How Electrolysis Works
An electrolysis treatment involves the inserting of a sterile probe, the same size as the hair, into the hair follicle opening down to the Dermal papilla. The dermal papilla is the electrologist’s target. It is the part of the follicle that contains blood and nerves and feeds the growing hair. If the papilla and the regenerative cells surrounding it are destroyed, the hair will die. When the probe is in place, a low-level electrical current is applied that will destroy the papilla and surrounding cells and loosen the hair in the follicle. The hair is then removed. Electrolysis involves a series of treatments over a period of time. The length of time depends on the amount of hair, its coarseness, the cause of the excess hair and many other factors, but once the dermal papilla has been eliminated, the hair is dead and will not regrow.
There are three modalities used today that fall under the heading of electrolysis.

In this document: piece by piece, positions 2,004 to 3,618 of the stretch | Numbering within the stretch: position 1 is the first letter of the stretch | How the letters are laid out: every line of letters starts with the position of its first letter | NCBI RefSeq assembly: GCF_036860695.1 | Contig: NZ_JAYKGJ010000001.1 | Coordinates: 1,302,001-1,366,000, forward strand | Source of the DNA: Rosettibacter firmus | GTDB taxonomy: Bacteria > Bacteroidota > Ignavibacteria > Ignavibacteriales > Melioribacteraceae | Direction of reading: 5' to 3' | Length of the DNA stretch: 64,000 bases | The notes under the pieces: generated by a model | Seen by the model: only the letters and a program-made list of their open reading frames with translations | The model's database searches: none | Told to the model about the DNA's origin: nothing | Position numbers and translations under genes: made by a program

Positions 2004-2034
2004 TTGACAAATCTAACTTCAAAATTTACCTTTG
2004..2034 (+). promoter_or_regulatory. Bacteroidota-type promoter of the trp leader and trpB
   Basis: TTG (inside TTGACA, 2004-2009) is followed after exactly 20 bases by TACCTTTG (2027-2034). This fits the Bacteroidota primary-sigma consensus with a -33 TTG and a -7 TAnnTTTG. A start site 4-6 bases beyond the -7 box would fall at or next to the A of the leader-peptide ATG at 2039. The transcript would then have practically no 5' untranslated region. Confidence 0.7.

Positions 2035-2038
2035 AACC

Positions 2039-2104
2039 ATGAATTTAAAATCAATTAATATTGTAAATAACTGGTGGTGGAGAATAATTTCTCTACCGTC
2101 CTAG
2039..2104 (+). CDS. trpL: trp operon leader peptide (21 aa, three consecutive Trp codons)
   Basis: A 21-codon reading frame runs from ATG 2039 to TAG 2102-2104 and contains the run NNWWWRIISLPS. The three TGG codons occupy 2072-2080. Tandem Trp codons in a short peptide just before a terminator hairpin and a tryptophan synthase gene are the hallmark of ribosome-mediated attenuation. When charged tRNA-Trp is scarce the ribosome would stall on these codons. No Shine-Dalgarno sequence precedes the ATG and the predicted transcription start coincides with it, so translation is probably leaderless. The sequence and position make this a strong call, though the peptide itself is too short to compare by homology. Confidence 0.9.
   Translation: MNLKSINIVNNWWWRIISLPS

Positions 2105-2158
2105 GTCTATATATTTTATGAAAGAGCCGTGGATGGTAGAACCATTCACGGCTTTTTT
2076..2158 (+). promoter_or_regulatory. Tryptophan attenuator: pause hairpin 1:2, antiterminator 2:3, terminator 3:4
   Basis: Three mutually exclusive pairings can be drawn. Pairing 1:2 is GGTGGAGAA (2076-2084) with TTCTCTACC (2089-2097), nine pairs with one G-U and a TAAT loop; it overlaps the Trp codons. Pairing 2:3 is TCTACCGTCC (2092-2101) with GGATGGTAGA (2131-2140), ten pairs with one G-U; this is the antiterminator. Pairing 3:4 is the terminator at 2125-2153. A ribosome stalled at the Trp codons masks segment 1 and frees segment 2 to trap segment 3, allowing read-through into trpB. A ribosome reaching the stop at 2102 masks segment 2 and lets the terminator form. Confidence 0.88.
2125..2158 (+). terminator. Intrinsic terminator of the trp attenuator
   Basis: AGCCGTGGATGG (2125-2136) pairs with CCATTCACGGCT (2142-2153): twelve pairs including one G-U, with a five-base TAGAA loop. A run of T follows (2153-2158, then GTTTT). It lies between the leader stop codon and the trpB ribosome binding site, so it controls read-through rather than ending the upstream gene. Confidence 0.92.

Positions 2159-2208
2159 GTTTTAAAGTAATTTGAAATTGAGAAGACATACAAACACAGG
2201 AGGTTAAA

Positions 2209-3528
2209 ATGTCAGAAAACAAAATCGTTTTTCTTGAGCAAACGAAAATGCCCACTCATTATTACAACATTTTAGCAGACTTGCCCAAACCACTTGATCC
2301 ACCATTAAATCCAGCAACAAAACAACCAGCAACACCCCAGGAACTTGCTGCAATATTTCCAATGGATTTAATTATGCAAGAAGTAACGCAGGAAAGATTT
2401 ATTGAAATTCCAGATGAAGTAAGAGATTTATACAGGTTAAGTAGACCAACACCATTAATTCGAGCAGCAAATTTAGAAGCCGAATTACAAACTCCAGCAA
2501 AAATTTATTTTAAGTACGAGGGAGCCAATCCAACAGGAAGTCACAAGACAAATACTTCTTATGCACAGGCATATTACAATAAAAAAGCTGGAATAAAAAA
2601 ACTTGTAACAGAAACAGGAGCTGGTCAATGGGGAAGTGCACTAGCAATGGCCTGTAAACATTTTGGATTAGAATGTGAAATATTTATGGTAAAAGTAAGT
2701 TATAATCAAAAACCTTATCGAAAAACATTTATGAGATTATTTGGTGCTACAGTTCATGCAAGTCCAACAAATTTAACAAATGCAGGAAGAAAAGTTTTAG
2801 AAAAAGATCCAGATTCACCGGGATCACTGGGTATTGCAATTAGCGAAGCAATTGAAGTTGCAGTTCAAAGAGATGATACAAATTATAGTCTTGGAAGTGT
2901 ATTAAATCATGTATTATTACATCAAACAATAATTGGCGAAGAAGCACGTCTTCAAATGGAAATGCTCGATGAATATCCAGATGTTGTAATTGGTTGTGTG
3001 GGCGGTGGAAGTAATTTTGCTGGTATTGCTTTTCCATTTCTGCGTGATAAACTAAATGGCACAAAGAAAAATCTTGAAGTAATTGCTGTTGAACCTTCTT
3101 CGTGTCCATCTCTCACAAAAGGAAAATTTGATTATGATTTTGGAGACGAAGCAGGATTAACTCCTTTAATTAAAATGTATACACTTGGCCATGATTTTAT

Galvanic or electrolysis
is a chemical process. The current produces a chemical reaction in the hair follicle eliminating the hair growth cells. This method is widely used in the multiple needle galvanic electrolysis, utilizing up to 16 needles simultaneously.
Thermolysis or short-wave
produces heat. When this modality is used it heats and destroys the hair growth cells in the follicle. This modality can be utilized in two ways:
(1) flash method of thermolysis uses high intensity current for less time in the follicle
(2) the current is used at lower intensity and longer timing.
The blend method
combines galvanic current with thermolysis current. Thermolysis heats up the chemical reaction in the follicle destroying hair growth cells.